Tibiotalocalcaneal Arthrodesis Utilizing a Titanium Intramedullary Nail With an Internal Pseudoelastic Nitinol Compression Element: A Retrospective Case Series of 33 Patients (Abstract)
Authors: Ford SE, Kwon JY, Ellington JK
Nitinol has been shown to generate durable compression under loading via pseudoelastic shape memory. The purpose of this study was to evaluate the effectiveness of a hindfoot arthrodesis nail with an internal pseudoelastic nitinol compression element. Patients who had undergone tibiotalocalcaneal arthrodesis from 2013 to 2016 were identified at 2 tertiary referral centers (12-week follow-up minimum). Patients managed with a tibiotalocalcaneal nail with an internal nitinol compression element were identified for review. Sagittal computed tomographic scan reformats were reviewed to calculate a percentage of joint surface bony union. Intraoperative and postoperative radiographs were compared to calculate postoperative screw position change generated by the nitinol element, a surrogate for postoperative unloading of compressive forces. Thirty-three patients were included in analysis and 81% of patients had successful union of both tibiotalar and subtalar joints. Overall, 90% of all arthrodesis surfaces united. The union rate of arthrodesis surfaces among patients without Charcot osteoarthropathy was 94%. A history of Charcot was identified as a risk factor for subtalar nonunion (p = .04) and was associated with less complete computed tomography-based tibiotalar union: 94% versus 71% (p < .01). The posterior-to-anterior screw translated an average of 3.9 mm proximally relative to the rigid portion of the nail from intraoperative to initial postoperative radiographs (p < .0001). High rates of computed tomography-confirmed union were demonstrated in the face of challenging clinical scenarios. Shortening of the pseudoelasticnitinol element occurs early in the postoperative period, indicating continued unloading of the nitinol compression element through the arthrodesis sites after initial implantation.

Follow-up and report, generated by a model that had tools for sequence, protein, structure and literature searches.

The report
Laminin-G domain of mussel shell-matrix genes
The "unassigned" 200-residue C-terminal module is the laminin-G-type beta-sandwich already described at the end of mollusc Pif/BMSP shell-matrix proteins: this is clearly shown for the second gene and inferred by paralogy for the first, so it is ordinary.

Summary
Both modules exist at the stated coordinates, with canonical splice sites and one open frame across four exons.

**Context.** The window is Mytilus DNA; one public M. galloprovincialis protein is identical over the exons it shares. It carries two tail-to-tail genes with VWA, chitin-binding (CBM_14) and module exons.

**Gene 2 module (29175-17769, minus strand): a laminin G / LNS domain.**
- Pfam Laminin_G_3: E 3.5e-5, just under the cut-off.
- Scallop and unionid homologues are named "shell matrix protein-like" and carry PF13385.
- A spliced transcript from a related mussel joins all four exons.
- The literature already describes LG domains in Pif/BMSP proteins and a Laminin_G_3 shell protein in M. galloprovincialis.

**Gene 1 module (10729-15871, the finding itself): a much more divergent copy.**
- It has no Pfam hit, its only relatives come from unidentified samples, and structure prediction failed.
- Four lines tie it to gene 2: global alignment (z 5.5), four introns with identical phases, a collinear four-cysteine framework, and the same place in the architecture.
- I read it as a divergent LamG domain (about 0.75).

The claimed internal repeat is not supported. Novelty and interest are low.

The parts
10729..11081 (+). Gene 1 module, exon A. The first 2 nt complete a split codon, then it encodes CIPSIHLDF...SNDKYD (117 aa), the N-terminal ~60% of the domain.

Copyright © 2018 the American College of Foot and Ankle Surgeons. Published by Elsevier Inc. All rights reserved.
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